18 July 2013
What does it take to build a digital archives? To incorporate electronic records into an existing archives?
Those questions don’t have trivial answers. At the same time, I would hope a digital archivist should be able to sketch out a high-level plan rather quickly. As much as anything, a rough plan will identify questions that need to be answered. Students in Clayton State University’s Masterof Archival Studies program begin their capstone project by creating such as plan, based on what they've learned throughout the program. Their response structures the work they need to do the rest of the semester -- find answers and explain the process.
The essence of a plan can be found in three questions that professional archivists should be able to answer (at a high level) rather quickly.
What is an archives? In a nutshell, ‘archives’ may refer to the repository (as a space), to the program (as purpose and activities), or to the collections.
The plan must clearly define a space, distinct from folders, boxes, and shelves. This high-level outline might describe that space as “digital storage,” setting the stage for future discussions of local and cloud storage, backup, and specific technologies designed for digital archives. The plan must consider the purpose of the digital archives, either establishing, revising, or revisiting the vision, mission, and goals to consider. Finally, the plan must consider the collections, at a broad level: what records should the archives acquire to accomplish its purpose?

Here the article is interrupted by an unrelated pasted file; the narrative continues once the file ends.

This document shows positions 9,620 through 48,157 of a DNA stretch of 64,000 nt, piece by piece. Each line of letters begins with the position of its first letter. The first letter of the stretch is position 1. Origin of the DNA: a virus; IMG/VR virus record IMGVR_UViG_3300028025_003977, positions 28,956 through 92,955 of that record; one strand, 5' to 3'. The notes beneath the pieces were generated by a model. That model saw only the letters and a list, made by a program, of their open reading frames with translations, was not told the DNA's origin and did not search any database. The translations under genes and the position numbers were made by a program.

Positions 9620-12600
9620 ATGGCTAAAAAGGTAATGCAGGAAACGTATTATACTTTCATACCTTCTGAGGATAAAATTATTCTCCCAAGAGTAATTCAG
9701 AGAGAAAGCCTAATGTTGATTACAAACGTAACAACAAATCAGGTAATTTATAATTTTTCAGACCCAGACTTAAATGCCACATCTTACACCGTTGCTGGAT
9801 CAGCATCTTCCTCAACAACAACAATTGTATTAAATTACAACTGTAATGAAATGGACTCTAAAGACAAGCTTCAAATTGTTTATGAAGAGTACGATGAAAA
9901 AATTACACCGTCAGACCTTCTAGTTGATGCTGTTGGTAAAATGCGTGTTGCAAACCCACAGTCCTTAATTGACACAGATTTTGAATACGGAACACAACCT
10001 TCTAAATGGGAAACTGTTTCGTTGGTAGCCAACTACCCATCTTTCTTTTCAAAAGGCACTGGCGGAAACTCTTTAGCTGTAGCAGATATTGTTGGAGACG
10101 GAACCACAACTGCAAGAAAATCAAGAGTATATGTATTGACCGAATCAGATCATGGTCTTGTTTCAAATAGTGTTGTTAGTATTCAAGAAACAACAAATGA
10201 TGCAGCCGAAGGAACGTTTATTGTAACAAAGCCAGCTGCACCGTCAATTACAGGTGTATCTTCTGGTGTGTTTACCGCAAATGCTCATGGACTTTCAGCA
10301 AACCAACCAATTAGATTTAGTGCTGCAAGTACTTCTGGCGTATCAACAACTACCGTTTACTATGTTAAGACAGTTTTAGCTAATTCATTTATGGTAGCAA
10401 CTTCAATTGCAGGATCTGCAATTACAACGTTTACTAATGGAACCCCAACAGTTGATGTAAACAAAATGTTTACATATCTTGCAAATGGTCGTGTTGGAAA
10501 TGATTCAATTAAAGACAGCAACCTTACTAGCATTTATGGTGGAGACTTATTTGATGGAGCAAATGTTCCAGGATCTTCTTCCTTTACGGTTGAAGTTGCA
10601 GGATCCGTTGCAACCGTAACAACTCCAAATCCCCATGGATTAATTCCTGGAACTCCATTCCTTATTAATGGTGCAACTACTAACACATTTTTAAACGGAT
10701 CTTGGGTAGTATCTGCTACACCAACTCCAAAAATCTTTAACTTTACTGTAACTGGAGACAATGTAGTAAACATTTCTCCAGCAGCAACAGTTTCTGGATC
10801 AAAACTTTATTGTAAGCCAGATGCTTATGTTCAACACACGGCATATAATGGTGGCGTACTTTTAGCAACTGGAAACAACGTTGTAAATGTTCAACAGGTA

What does an archivist do? The Academy of Certified Archivists’ Handbook identifies several broad functions that should be addressed in the plan. The Handbook also includes professional, ethical, and legal responsibilities, which touch on the archival functions noted below.
Selection, appraisal, and acquisition. At a more detailed level, what approaches will be used to identify records for consideration, what criteria will be used to include them, and how will the records be transferred? Existing records retention schedules and collecting policies may need little modification to appraise records based on content. Other factors, such acceptable formats, condition, and preservation costs may need to be addressed more specifically. Procedures (including identifying specific tools) to transfer the records will almost certainly have to be developed for digital records.
Arrangement and description. Rumors of original order’s death may -- or may not -- be exaggerated. At the same time, the plan must address approaches to organizing the records in storage (the virtual equivalent of folders and boxes). The plan should also consider approaches to automate description through automated extraction of metadata and generating file lists.
Reference and access. Making electronic records available online can be a great boon for access. At the same time, publishing records online raises questions about copyright, privacy, and other issues.
Preservation and protection. Even a high-level outline of digital preservation needs to identify a broad range of questions, ranging from backup and system security, demonstrating authenticity and integrity, format migration, preferred formats, and audits. As important, who on staff will be responsible for the technical aspects of preservation?